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Through this page as well as through our social media accounts on Facebook and Twitter, we will keep you up-to-date on the most recent developments. Thus if you are interested in learning more about the project The Faces of Margraten, please come back to this page or follow our Facebook and Twitter accounts.

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Average age of U.S. soldiers buried and memorialized in Dutch town of Margraten was only 25

Published: Thursday, July 27 2023

A comprehensive study of the dates of birth and death of approximately 9,600 soldiers has finally resulted in an answer to one of the most poignant questions that visitors of the Netherlands American Cemetery and Memorial in Margraten, the Netherlands, have: how old are the soldiers remembered here? Data from the Fields of Honor – Database reveals that, on average, these Americans were 25 years and one month old at the time of their death. 84 percent of all soldiers would never reach the age of 30. Two soldiers were only 17 years old. The Fields of Honor Foundation, which runs the database, collaborated with Tijs van der Aa for this study.
While it had been known that the average age of U.S. soldiers serving in World War II was 26, there had not yet been conducted a comprehensive study of the average age of the about 10,000 U.S. soldiers who are either buried or memorialized as missing in Margraten. “When Tijs reached out to us to ask permission for using our data, our volunteers immediately focused their research on the soldiers whose date of birth was still unknown. Like Tijs, we were curious to know what the average age was,” said the chairman of the foundation, Sebastiaan Vonk. Unlike other countries, the United States decided to not include either the soldier’s date of birth or age on the headstone, leaving visitors of American war cemeteries wondering about the soldier's age.
On his motivation to conduct this study, Tijs van der Aa said: “I have been fascinated by numbers my whole life. It is safe to say that they trigger my interest every day. For example, I regularly come across claims in the media, on social media, or from people around me that are not, or at least not fully accurate. Personally, I want to get the facts straight and thus will always look into the matter before commenting on something. The same goes for this, although it took me about 60 hours. But I love working with numbers and I am satisfied with the findings. I really think they add something valuable to everything we already know about the cemetery.”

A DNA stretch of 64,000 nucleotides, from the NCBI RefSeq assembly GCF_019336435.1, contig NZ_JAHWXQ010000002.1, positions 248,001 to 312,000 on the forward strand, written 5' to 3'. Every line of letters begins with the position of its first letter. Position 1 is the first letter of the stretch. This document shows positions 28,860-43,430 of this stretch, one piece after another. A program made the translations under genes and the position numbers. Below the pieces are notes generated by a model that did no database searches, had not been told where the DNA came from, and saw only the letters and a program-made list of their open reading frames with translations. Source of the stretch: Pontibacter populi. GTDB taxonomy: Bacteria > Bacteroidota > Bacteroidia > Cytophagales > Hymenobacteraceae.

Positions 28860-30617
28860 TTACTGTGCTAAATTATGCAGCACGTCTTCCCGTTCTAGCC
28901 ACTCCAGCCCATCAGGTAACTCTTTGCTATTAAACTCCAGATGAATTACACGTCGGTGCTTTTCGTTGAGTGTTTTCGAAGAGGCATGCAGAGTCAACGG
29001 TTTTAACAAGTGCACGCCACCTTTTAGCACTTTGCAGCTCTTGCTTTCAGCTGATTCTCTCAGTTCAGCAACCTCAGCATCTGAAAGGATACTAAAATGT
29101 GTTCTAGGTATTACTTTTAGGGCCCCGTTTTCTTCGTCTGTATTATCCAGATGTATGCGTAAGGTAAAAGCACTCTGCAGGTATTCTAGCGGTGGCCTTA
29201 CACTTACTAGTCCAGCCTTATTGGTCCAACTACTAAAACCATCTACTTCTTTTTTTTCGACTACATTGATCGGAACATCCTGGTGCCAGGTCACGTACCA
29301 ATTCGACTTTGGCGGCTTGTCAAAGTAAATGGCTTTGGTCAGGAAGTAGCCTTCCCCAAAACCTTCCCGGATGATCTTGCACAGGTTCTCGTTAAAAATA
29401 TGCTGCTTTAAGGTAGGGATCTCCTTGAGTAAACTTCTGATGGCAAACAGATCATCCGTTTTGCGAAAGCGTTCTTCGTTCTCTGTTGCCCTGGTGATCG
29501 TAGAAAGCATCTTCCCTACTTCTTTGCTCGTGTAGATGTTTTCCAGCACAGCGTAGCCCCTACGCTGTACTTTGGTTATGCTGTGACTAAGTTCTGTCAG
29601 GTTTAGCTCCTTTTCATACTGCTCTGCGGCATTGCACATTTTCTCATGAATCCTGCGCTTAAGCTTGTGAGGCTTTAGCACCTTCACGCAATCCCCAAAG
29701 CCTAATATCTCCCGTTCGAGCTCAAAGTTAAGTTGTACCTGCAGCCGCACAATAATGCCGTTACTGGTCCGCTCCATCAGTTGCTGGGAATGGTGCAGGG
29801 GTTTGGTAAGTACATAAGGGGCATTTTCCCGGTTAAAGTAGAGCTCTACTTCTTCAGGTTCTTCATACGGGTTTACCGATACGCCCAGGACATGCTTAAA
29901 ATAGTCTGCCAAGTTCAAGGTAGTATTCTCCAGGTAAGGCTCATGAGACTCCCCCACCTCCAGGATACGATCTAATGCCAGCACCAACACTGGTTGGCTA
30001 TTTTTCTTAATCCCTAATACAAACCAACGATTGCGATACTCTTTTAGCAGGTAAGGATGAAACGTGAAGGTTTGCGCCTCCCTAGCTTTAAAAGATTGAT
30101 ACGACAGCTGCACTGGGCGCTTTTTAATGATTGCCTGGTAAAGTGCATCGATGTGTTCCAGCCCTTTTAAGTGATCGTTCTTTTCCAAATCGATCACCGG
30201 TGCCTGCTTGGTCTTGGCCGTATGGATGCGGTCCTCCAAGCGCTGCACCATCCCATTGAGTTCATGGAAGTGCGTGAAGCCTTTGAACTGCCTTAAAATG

New virtual monument
Even after conducting additional research, the foundation’s volunteers were unable to find a date of birth for about 400 soldiers. Done by exploring numerous sources, the research had been a time-consuming process. This was also true for gathering all dates of birth and death that had already been entered in the database. “This year marks the database’s 15th anniversary. Increasingly, we are confronted with the fact that the technology behind it is outdated. We are not even able to do something as simple as exporting all the dates of birth and death. An even bigger concern is that the software on which the database runs is no longer updated, which leaves this valuable source of information extremely vulnerable,” Vonk has said. “We have plans to build a new virtual monument to safeguard these stories, but we have not sufficient budget yet.” The foundation has launched a fundraising campaign in attempt to secure the money needed to make its plans become reality.